blog. I love that question!! In fact, I think it is my favorite
question because it is getting students in on this important
conversation. Bud is responding to the issue of “What is blogging?”
that Will has addressed in many of his posts.
Bud goes on to say…….
For better or worse, I agree with him. Blogging is a unique set of
skills and much of what my students are doing on their personal blogs
(journaling and ranting, mostly, according to one student) isn’t really
what I’d like to see in the classroom. But I wonder how many students
are actually participating in this conversation. Are adults once again
making decisions for students without their input? Wouldn’t it be
terrible if the decisions about blog use in classrooms were all made for students, instead of with them?
this second question as it is a crucial question that needs to be
asked. Bud has shared this debate with his students and will be sharing
their input with us. I look forward to that.
think we need to work hard at providing good models of how it can work
in educational circles. That means getting students blogging.
I am struggling with both issues and will come back to them. I have to
say though how much I appreciate Bud’s reflections. Reflections like
his and others in our “edublogging” community make me think and I love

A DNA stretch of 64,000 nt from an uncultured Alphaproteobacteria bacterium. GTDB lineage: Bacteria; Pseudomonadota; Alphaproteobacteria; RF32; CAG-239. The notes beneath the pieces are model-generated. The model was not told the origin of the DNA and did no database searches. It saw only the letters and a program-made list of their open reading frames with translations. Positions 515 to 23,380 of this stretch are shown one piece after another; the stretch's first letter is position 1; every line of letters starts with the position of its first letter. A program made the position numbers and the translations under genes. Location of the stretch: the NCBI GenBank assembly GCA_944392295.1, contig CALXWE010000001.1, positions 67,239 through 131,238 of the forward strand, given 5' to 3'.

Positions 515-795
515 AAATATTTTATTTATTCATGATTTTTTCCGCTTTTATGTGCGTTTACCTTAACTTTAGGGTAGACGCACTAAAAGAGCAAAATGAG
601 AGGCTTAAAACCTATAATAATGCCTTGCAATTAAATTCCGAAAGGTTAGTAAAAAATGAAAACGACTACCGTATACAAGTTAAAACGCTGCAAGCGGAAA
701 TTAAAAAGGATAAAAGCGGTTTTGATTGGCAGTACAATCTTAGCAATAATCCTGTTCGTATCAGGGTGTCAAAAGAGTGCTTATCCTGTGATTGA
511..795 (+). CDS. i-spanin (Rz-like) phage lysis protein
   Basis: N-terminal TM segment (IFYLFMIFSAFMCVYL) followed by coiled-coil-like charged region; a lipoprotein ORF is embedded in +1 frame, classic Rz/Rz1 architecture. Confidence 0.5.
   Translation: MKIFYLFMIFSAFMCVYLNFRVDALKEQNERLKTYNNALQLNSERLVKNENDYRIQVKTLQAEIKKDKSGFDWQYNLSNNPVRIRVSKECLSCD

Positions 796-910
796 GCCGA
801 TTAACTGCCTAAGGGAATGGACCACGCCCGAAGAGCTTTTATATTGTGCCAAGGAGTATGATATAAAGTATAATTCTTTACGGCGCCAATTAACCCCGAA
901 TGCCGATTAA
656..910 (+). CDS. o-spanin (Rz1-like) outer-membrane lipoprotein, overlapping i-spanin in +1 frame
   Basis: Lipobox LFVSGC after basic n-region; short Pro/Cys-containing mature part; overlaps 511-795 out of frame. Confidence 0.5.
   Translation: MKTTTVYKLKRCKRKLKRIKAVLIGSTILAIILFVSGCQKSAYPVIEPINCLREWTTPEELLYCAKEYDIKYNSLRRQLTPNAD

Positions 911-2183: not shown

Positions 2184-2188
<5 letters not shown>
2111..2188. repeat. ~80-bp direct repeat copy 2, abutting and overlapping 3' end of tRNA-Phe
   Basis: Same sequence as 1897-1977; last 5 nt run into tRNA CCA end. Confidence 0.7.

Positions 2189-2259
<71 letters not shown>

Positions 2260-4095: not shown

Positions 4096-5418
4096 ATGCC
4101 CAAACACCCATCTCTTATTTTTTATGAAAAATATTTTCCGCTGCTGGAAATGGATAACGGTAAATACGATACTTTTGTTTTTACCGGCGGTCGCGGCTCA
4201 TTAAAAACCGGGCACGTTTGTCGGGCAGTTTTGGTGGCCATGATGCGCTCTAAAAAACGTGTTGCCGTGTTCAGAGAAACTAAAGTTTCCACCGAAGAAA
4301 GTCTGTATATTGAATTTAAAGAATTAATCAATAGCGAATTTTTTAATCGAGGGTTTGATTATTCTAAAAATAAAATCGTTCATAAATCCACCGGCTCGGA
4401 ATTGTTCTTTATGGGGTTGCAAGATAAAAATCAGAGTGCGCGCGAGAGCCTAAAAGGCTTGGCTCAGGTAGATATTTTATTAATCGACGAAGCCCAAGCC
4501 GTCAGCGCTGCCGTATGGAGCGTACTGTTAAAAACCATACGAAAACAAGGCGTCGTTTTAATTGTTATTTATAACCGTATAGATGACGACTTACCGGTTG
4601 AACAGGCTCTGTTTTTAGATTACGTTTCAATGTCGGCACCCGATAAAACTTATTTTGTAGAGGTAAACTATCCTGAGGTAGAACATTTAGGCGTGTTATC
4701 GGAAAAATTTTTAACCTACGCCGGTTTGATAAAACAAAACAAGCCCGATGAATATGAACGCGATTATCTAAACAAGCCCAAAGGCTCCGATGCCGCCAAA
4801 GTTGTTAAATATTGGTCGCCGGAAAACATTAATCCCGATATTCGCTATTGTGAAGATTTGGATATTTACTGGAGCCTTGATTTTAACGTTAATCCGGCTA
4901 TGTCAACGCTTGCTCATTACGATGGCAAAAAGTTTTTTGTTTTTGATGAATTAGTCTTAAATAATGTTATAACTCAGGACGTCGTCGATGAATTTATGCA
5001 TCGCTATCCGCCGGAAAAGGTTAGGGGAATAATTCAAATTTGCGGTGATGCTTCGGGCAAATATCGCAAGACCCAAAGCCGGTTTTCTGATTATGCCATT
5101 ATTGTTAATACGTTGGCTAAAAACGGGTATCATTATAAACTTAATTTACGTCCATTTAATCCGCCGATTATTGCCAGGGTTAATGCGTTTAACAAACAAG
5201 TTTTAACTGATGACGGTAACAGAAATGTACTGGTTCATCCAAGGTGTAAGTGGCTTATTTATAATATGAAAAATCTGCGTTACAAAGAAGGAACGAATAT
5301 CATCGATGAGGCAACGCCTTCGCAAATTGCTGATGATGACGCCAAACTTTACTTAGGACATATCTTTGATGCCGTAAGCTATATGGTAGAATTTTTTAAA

it! It took me back to a post I made to last year’s student webloggers.
The post was Think Possibilities. I tried to explain blogging to my students.
Bud refers to Will’s words about blogging. They are well worth repeating.
But I’ve never in my life written the way I write in this Weblog. And
frankly, I don’t know that I’ve learned as much from any other type of
activity as I have from this type. And I learn when I’m doing just what
I’m doing now (sweat on brow.) I’m not journaling. I’m not just
linking. I’m attempting to synthesize a lot of disparate ideas from a
varitey of sources into a few coherent sentences that I can publish for
an audience and wait (hope?) for its response to push my thinking
further. That’s the essence of blogging to me, and I can’t do it without a Weblog.
That’s the distinction. That’s what tells me this is different. And
that’s what makes me think so hard about the effects that blogging, not
just using a blog, might have in a classroom.
So, not only do
we need students blogging but we need to get more educators “blogging”,
as defined above. Then all the good educational examples of blogging will
speak for themselves.